The cages are known as "Kaue", and were used by the miners to hold their outdoor clothes, shoes and flammable contraband in, before they went down the shaft into the mine. Each cage was suspended on a chain which was secured by a lock - similar to the Paralocks you use to lock coat sleeves with in a theatre cloakroom. Every Kaue has a unique number, and I reached 5000 ... before giving up. That gives you an idea of the sometime workforce at Hugo. For many years the Gelsenkirchen area of the Ruhr was one of Europe's richest coalfields – but the destruction of the coal industry in the Ruhr is, if anything, even more comprehensive than in Britain. In fact, Zeche Hugo was the last mine working in Gelsenkirchen, and was operated by Ruhrkohle AG (RAG) who took over from the Mannesmann group sometime around the 1960’s. The first pit was driven at Hugo in March 1873, and by the end of the century, another four further shafts had followed. By 1940, Zeche Hugo consisted of seven shafts, with more to come as production expanded once the destruction of WW2 had been repaired. Hugo’s owners approached the specialists …



Schupp & Kremmer were Germany's leading industrial architects, and when you read the books on German coal mining, they feature mainly for their earlier work at Pluto 2, Germania 5 and especially Zollverein 12. However, the rebuilding of Hugo's shafts 2/5/8, completed in 1962, was the culmination of their experience in planning coal mines. Schupp and Kremmer (or really Fritz Schupp on his own account, because Martin Kremmer died in an air-raid towards the end of WW2) built the waschekaue (pithead baths and lockers) and lohnhalle (accounts/ payroll offices) at shafts 2/5/8 at Hugo from 1952 to 1955. Then in 1961, they completed the forderturm (winding tower and schachthalle (headworks) at shaft 8. The "tripod" headstock at Zeche Hugo’s shaft 2 is identical to that at the former Zeche Victoria Lunen 3/4, which was built in 1960 by the same engineers and architects. To British eyes, it's unusual, because our pits went straight from lattice girder headstocks in the 19th century, to monolithic concrete winding towers.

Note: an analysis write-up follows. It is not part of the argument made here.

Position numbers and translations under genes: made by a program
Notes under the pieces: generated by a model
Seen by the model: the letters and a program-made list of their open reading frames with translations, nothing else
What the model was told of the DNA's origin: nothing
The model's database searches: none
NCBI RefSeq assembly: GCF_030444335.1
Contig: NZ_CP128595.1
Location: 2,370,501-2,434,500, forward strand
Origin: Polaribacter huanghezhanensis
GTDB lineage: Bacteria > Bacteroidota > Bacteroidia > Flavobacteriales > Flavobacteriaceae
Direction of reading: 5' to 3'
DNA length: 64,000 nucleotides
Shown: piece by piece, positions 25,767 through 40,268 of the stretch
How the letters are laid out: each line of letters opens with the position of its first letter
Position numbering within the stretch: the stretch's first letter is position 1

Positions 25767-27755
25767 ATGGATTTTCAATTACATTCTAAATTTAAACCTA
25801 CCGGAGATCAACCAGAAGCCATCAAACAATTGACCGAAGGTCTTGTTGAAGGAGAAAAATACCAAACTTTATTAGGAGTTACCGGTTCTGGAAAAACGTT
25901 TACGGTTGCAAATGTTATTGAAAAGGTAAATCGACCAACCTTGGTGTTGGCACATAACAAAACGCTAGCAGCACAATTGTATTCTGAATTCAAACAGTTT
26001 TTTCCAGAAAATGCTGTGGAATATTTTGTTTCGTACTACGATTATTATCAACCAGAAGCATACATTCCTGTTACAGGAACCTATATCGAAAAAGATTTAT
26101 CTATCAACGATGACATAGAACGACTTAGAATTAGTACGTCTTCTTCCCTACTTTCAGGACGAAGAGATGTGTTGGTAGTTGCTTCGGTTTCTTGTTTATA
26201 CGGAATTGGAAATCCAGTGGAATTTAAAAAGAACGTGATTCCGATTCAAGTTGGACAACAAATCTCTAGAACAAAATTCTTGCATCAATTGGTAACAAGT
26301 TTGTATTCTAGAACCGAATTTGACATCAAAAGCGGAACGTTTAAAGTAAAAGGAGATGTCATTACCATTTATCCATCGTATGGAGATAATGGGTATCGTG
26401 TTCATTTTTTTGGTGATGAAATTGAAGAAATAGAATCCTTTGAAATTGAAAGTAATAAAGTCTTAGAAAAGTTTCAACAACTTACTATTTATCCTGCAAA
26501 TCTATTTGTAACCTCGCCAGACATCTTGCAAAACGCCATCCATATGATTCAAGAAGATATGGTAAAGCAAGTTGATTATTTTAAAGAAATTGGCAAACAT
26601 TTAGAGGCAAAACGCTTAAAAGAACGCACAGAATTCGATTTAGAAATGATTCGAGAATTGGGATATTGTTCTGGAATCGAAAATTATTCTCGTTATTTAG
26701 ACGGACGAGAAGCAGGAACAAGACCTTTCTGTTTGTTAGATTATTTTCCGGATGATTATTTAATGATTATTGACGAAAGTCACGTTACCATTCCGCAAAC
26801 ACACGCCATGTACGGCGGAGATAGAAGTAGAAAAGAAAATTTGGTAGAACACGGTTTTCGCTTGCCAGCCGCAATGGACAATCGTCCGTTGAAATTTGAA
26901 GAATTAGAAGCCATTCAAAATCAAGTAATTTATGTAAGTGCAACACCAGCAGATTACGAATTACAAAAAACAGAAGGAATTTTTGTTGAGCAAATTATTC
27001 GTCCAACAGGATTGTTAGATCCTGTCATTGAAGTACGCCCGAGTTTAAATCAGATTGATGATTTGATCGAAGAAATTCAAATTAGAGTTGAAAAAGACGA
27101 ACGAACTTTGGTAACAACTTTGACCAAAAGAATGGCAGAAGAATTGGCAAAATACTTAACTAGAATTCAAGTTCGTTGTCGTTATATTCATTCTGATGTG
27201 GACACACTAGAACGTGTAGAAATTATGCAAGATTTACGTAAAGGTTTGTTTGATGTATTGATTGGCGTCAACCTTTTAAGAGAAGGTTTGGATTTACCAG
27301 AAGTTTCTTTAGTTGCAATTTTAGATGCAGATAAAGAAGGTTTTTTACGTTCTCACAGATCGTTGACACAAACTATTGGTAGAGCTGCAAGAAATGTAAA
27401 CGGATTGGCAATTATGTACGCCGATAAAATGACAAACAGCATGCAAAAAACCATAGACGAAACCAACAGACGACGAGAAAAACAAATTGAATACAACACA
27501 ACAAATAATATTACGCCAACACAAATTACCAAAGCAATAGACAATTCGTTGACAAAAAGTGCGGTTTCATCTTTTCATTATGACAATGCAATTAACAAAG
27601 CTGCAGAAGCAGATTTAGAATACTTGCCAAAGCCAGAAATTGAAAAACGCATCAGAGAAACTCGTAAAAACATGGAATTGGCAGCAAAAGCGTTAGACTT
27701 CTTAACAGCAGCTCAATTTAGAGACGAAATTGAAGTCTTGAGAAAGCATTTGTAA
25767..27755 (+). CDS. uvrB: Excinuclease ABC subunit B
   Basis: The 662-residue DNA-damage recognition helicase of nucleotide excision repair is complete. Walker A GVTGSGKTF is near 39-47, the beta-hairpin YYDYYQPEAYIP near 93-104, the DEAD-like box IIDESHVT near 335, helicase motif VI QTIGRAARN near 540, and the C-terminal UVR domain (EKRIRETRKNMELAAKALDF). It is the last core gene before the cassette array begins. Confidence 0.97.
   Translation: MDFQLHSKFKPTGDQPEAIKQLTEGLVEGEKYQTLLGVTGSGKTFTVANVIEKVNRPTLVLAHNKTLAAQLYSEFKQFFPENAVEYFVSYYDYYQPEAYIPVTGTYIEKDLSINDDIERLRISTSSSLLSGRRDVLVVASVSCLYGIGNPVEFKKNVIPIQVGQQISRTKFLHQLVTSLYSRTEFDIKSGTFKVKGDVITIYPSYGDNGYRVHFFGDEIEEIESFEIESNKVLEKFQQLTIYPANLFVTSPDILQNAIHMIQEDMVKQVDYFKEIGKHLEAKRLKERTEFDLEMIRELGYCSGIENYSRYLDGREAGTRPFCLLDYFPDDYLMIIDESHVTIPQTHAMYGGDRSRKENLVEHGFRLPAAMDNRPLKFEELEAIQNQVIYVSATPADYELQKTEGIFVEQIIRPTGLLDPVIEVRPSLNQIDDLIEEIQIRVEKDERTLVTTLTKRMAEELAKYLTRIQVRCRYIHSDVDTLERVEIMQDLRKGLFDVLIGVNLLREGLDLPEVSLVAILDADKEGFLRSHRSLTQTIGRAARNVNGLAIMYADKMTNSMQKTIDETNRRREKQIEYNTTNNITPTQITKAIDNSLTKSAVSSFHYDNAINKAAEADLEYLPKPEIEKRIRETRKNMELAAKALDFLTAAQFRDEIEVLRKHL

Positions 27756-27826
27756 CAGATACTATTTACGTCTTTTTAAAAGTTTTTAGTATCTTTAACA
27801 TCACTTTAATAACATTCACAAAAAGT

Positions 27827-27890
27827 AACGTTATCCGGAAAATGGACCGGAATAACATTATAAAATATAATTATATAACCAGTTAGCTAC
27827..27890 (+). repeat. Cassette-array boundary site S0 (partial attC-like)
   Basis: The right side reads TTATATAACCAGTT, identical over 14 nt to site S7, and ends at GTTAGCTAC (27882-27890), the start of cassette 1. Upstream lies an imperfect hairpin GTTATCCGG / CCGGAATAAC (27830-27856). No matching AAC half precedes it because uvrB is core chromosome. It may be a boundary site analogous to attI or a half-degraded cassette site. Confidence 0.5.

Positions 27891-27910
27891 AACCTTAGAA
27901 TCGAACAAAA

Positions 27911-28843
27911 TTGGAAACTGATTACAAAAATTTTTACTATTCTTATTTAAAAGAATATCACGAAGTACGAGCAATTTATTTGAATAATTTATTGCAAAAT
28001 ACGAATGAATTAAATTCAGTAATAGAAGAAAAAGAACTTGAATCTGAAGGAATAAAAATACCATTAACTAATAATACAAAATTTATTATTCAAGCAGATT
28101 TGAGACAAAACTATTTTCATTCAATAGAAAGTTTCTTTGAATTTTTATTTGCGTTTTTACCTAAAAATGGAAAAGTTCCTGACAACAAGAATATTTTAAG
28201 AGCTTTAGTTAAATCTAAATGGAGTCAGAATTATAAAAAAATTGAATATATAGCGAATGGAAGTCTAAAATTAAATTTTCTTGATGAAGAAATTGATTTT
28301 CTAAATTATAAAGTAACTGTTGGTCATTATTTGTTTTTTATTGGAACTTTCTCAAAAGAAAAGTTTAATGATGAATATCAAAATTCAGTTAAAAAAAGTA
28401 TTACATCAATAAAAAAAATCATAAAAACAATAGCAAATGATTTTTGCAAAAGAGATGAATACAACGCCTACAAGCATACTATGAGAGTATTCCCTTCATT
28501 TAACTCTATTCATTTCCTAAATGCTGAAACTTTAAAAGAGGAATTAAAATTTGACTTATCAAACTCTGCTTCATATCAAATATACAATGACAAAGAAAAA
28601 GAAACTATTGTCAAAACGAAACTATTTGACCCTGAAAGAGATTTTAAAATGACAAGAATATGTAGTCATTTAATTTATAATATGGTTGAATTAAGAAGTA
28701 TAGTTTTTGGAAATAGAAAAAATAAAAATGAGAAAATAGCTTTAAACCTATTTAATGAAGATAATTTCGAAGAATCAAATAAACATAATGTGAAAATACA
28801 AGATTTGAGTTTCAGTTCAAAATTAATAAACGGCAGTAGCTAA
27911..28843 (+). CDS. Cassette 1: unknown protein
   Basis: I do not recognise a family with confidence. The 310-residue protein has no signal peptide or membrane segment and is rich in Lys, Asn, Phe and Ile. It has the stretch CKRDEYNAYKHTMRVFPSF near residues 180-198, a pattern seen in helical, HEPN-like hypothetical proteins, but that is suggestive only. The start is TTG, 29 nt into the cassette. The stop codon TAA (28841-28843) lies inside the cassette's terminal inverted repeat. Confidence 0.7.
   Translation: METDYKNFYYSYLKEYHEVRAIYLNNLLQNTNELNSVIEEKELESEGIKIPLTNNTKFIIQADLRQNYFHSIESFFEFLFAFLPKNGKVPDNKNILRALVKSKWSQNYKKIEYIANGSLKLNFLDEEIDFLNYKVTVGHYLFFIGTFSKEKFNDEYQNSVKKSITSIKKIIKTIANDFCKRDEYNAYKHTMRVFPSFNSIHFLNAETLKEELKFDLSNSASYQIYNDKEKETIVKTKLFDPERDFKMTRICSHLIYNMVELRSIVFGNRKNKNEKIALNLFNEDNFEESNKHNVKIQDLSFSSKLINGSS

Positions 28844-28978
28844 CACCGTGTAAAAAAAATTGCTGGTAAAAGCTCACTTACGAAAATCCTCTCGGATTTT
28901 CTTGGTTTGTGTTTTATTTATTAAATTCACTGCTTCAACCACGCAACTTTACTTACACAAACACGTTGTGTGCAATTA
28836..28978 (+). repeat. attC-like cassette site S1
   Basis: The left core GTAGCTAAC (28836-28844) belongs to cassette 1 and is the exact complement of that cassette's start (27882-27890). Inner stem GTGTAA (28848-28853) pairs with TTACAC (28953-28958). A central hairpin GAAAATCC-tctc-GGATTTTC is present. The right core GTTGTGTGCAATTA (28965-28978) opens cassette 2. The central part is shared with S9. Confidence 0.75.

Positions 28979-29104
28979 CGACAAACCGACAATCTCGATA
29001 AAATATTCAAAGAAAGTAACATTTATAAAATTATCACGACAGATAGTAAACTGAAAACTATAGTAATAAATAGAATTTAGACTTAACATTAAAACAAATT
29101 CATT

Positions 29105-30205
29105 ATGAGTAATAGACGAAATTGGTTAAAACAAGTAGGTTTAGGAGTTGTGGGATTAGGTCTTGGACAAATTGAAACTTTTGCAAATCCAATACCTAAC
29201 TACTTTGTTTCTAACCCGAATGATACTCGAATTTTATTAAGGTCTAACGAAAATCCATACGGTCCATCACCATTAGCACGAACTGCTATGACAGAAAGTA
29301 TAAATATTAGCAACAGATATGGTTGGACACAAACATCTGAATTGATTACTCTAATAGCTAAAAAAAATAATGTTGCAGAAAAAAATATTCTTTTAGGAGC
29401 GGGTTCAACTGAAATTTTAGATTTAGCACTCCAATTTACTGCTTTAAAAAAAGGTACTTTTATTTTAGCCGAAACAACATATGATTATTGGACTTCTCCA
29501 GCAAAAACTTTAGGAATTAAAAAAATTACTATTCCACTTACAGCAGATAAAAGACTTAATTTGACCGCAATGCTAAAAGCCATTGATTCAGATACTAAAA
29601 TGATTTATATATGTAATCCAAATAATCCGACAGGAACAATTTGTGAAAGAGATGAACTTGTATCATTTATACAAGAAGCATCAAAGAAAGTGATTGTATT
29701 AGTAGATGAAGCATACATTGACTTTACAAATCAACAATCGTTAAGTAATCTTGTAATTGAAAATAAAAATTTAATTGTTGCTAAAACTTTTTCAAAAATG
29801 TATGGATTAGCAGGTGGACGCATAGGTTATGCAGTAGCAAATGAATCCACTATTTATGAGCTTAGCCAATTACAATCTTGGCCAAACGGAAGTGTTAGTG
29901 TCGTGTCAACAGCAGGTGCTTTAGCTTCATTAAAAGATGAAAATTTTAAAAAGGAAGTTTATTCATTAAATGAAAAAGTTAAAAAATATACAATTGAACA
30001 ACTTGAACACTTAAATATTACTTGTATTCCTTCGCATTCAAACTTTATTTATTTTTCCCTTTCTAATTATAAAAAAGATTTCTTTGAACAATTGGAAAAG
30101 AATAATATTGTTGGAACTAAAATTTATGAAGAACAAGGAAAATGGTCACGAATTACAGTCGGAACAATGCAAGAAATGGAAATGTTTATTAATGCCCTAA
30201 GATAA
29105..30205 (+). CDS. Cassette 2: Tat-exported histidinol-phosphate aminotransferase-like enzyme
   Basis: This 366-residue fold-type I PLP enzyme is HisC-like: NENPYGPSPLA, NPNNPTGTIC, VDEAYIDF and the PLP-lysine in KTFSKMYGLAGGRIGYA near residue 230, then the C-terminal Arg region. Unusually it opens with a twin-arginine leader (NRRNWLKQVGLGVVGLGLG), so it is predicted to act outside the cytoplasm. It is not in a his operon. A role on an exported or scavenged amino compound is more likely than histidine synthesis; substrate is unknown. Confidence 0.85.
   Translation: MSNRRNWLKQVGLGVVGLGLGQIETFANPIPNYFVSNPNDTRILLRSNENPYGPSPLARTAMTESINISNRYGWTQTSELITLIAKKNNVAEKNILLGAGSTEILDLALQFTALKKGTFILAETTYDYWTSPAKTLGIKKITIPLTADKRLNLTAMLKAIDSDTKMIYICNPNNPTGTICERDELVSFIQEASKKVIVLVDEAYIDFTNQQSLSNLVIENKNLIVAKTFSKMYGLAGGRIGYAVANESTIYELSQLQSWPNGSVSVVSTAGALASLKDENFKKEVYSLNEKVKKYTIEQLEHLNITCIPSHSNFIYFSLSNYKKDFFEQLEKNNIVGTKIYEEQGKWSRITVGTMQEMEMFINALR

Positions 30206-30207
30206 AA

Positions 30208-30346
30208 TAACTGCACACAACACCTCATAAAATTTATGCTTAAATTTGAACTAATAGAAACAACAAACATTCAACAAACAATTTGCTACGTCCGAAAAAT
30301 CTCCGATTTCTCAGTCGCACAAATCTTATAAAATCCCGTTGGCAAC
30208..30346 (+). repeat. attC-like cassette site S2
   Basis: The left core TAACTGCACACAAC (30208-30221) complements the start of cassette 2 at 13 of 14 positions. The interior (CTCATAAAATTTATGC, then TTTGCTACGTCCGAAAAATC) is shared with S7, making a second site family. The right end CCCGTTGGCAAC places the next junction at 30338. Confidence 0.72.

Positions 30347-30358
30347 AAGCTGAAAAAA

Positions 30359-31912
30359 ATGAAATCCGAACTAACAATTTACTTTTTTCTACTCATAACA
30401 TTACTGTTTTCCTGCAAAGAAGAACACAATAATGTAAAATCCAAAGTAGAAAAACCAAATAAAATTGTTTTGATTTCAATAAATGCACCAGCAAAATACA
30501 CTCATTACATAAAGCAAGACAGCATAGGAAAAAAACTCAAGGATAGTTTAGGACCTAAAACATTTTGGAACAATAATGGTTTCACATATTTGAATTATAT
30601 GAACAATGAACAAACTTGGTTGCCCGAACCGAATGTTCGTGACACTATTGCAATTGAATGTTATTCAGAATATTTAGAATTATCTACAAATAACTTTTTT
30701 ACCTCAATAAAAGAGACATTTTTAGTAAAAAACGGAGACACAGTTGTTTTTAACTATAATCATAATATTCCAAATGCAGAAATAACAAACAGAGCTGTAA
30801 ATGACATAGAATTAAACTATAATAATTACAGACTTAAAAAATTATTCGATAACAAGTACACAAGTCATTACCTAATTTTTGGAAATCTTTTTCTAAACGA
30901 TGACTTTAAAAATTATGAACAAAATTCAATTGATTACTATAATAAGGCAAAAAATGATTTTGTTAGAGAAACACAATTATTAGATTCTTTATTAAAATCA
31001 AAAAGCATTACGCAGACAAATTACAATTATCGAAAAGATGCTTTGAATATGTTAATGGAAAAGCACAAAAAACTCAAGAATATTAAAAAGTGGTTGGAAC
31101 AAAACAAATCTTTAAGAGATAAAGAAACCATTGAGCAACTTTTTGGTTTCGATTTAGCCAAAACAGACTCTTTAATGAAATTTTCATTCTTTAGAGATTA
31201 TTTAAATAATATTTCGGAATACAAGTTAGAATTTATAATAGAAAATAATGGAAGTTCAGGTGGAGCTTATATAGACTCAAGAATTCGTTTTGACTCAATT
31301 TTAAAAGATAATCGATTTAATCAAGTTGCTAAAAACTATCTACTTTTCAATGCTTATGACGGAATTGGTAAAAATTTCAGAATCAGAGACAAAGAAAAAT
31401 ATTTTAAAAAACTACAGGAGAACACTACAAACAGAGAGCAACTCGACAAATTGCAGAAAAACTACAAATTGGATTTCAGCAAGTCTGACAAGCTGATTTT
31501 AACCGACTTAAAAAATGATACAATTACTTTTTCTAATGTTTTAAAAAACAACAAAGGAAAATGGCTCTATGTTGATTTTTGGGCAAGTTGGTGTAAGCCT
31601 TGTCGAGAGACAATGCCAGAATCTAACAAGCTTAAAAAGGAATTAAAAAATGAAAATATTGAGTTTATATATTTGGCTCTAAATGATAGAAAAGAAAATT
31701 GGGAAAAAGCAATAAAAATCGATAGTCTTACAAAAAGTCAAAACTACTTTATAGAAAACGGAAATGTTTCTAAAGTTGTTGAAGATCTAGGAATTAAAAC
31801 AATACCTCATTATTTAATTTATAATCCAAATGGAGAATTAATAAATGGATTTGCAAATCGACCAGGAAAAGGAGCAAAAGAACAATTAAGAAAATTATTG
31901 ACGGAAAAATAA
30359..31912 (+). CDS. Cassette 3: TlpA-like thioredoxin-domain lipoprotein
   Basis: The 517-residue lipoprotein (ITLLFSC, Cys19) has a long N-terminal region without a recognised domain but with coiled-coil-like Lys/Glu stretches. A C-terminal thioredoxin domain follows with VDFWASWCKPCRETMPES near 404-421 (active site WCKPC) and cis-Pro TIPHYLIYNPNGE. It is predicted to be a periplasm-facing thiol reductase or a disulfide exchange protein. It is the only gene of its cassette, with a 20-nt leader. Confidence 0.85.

At its peak in the 1960’s, Hugo employed 5000 men, and produced up to 3.5 million tons of coal a year – but coal is a finite resource. Gradually the coal mines in Gelsenkirchen were connected underground, with Hugo and Consolidation joining up in 1993, and Ewald linked to them in 1997. These were the last moves to extract the remaining accessible coal from the seam under Gelsenkirchen: the final depth of Hugo was 1200 metres. Inside, I was struck by the signs in Turkish – you have to assume that the pits had a large immigrant workforce, and I guess that's backed up by the number of Turkish businesses remaining in the area beyond the mine. In April 2000, the miners ended their last shift at Hugo shaft 2, and Gelsenkirchen suddenly had three thousand new unemployed men.



After the mine closed, there were plans to preserve it as a museum – but no agreement was reached on who would pay for the long-term dewatering of the mine shaft. On top of that, the German mining industry museum at Bochum expressed doubts about its viability, so the museum plan fell through. Nevertheless, some buildings at Hugo 2/5/8 were listed in 2002 – including the admin block, with wages office, pithead baths, the lamp room and the clinic. Beyond that, the headstock and winding house of shaft 2 plus the heapsteads, car hall, and tipplers of shaft 8 were also protected. Given its popularity, I fully expected to run into a German urbex0r in a bandana inside the mine, toting a fancy camera and f1.4 lens: however, the only activity we saw was site clearance work. Hugo is being loaded into tipper lorries, and the whine of hydraulics and grinding metal continued for the rest of the afternoon. Sadly, Germany has the same slippery and recessive gene as Britain: industrial heritage is sometimes conserved brilliantly; and occasionally is preserved by inaction, but those years of not doing anything often culminate in the crusher.



Visited with Cuban.